Tis the season for gatherings, parties, celebrations, large meals and drinks!! Everywhere we go there are tempting foods, sweets and alcohol… If you’ve ever suffered from GERD symptoms BEWARE- foods such as chocolate, sugar and other simple carbohydrates, alcohol, and certain spices can increase symptoms.
GERD or “gastroesophageal reflux disease” affects 20-30 percent of Americans (Kresser, 2017). It is a digestive disorder that affects the lower esophageal sphincter, which is the ring of muscle between the esophagus and stomach. A person is considered to have GERD if they have symptoms 2 or more times per week. The classic symptom is heartburn, but may include regurgitation (burping up stomach content), chest pain, sore throat, nausea, vomiting and cough. It can interfere with your daily activities, is sometimes embarrassing and can progress to being quite debilitating.
Proton pump inhibitors are drugs often used to treat the symptoms of GERD. Although they may be useful, they are meant for very short-term use, and they don’t treat the cause of the reflux. Long-term use can increase the risk of osteoporosis, increase the risk for serious gut infections such as c-difficile, and decrease B12 absorption (B12 is essential for cognitive health). They are also known to alter the gut microbiota, give symptoms of nausea and vomiting, increase headaches and may impair nutrient absorption.
What causes reflux? For many, it is directly related to eating just before bed, eating large meals and being overweight. Just as important are the types of foods ingested- fried, spicy, citrus, tomato-based and processed foods. Drinking alcohol and caffeinated drinks are known triggers. Other causes can be chronic stress, food sensitivities, H. Pylori. For some, the underlying problem is small intestine bacterial overgrowth (SIBO). Symptoms of SIBO can include nausea, vomiting, diarrhea, constipation, abdominal pain, bloating. Stay tuned for an upcoming blog about SIBO and how to correct it.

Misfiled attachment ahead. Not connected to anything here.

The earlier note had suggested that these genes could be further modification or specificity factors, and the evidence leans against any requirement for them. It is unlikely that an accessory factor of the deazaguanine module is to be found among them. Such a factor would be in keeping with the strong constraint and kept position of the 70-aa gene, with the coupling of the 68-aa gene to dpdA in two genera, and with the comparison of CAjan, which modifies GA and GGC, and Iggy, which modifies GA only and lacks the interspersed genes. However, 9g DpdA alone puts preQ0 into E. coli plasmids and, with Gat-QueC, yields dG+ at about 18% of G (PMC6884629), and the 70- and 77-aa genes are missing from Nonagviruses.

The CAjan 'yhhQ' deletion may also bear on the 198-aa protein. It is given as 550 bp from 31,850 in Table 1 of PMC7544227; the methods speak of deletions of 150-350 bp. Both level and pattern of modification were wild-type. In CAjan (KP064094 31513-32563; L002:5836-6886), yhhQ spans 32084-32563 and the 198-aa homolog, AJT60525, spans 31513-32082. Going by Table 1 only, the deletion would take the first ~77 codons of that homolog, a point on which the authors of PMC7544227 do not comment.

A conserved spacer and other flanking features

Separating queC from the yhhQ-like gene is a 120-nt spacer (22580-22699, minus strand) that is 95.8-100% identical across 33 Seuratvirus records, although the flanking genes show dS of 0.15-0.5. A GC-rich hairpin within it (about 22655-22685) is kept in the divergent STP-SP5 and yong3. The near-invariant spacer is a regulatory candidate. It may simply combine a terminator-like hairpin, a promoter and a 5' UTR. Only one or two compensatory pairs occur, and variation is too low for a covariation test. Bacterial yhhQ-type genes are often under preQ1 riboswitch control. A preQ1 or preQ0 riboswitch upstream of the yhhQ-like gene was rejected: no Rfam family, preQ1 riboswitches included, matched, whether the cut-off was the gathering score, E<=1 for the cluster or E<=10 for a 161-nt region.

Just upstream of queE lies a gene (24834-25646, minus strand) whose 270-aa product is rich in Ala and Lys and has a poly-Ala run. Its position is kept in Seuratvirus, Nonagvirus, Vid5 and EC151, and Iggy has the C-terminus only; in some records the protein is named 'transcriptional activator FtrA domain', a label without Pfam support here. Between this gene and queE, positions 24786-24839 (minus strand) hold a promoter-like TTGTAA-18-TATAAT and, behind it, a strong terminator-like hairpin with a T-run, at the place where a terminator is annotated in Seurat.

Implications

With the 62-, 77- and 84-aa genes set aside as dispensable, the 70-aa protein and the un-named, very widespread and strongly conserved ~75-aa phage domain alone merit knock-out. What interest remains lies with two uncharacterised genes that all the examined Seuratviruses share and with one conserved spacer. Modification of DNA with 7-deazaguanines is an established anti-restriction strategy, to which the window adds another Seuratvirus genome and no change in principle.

What can you do to improve symptoms of GERD and not suffer through the season?
· Decrease your intake of simple sugars and simple carbohydrates- if you want a holiday treat do it but take a much smaller portion
· Decrease alcohol intake- If you want to cheer to the new year, keep it to a minimum and avoid alcohol several hours before bed
· Don’t take more food than you should- this can be hard during this season but small portions taste just as good as large portions!
· Quit eating at least 3 hours before bed. Stay upright for at least an hour after eating.
· Eat foods with magnesium such as spinach, nuts, avocados and oats to increase the function of your esophageal sphincter (Hyman, 2019).
·Drink alkaline water at night, which may help if you have too much acidity in your belly.
Kimberly Marshall FNP-C
Board Certified Family Nurse Practitioner
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